Defamation trial: Councilman Kelly's suit argues fliers hurt campaign; defendant claims free speech rights

Are political fliers, distributed just before an election, that accuse a city councilman of voting "with the homosexual lobby" to "promote sodomy to our youth," a statement of fact or opinion?

That's a question a Common Pleas Court jury will begin considering this morning when Councilman Jack Kelly's defamation lawsuit against Paul Corbett gets under way.

Councilman Jack Kelly (above) filed suit over political fliers.

Corbett, 80, was incensed after Kelly and 15 other Council members voted in May 2007 to force the local Boy Scouts chapter to pay $200,000 per year or move off city-owned property it had rented for $1 per year since 1928. Council acted after deciding the Boy Scouts, who ban participation by homosexuals, were violating the city's anti-discrimination ordinance.

Corbett distributed the fliers at churches in Northeast Philadelphia just before the 2007 Republican primary election, using the name, "Citizens Opposed to Politicians who Pander to Perverts."

Kelly complains that the fliers endangered his effort to be re-elected to an at-large seat on Council. Kelly held off challenger David Oh by just 123 votes after a recount. He is suing to recoup money his campaign committee spent to counter the flyers and fight for the recount.

Corbett is defending his flier as protected free speech.

"We consider this a religious and moral issue, not a political issue," Corbett said yesterday.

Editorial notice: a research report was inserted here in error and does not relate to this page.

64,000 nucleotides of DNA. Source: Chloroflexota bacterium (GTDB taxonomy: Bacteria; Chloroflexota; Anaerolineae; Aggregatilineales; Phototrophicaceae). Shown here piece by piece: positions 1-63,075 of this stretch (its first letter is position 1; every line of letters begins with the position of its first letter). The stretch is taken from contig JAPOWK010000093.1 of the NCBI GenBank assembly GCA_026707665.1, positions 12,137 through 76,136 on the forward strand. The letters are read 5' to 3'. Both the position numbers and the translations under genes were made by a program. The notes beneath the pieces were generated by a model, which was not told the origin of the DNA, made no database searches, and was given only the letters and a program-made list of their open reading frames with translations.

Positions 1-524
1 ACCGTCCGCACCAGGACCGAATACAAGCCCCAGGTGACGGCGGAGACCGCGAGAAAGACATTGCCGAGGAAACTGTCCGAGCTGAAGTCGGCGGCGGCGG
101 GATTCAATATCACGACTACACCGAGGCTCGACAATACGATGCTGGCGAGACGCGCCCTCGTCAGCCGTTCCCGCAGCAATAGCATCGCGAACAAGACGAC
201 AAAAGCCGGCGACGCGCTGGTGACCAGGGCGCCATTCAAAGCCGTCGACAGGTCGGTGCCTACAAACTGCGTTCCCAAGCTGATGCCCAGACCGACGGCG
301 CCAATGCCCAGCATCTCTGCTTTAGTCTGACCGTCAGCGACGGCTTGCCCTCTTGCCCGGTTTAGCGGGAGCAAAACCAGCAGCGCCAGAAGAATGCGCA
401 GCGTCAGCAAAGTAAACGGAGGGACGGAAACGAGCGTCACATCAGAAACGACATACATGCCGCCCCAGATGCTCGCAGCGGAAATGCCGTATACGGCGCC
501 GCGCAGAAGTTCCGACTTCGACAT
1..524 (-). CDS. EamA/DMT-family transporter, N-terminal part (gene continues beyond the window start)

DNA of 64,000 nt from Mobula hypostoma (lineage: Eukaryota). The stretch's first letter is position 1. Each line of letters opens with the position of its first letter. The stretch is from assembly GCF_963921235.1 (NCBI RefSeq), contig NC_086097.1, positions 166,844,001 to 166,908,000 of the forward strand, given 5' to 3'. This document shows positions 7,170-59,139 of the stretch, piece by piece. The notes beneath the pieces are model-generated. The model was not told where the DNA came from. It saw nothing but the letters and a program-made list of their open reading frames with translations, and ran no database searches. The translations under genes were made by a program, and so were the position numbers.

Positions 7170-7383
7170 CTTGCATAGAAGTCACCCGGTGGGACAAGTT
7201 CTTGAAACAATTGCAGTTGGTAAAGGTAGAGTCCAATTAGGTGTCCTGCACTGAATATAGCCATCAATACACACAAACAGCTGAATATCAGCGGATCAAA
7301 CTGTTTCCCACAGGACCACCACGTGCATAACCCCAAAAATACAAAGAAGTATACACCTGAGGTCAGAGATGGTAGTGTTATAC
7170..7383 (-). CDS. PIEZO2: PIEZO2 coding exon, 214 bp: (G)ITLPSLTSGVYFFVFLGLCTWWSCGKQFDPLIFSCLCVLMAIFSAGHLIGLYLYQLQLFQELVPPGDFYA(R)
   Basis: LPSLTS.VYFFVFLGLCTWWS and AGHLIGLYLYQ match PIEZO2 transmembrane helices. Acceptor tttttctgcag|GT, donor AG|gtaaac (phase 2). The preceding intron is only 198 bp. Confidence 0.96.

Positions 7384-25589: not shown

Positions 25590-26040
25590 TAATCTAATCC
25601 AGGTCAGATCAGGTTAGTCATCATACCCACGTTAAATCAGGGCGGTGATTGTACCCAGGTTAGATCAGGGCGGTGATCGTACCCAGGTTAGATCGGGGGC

Common Pleas Court Judge Albert Snite Jr. is more interested in a jury's view of whether Corbett was stating fact or opinion when he took on Kelly.

Snite yesterday denied a request from Corbett's attorney, Scott Shields, to prevent the flier from being used as evidence.

The flier read: "Councilman Jack Kelly voted with the homosexual lobby to remove the Boy Scouts from their city rent-free headquarters. The Scouts can remain only if they agree with the homosexual agenda which would promote sodomy to our youth."

Snite called that "going beyond simply an expression of opinion."

The flier went on the say: "Not too long ago this would have caused Jack Kelly to be tarred and feathered for contributing to the delinquency of minors."

Snite said Corbett came close to accusing Kelly of a crime.

Kelly's attorney, David Heim, submitted to the court a binder stuffed with campaign expenses, explaining that some are directly related to dealing with Corbett's flier. He cited $20,000 in legal fees that Kelly paid during the recount as just one example.

Snite noted that Kelly filed the lawsuit but the expenses were paid by his campaign committee, "Friends of Jack Kelly." That raised a question of who should collect potential damages in the case.

"If he's spending campaign money, I'm not so sure he's entitled to those damages," Snite said of Kelly.

Corbett didn't register his group as a political action committee. Kelly referred the case to then-District Attorney Lynne Abraham, but never heard back from her office, according to his chief of staff, John Cerrone.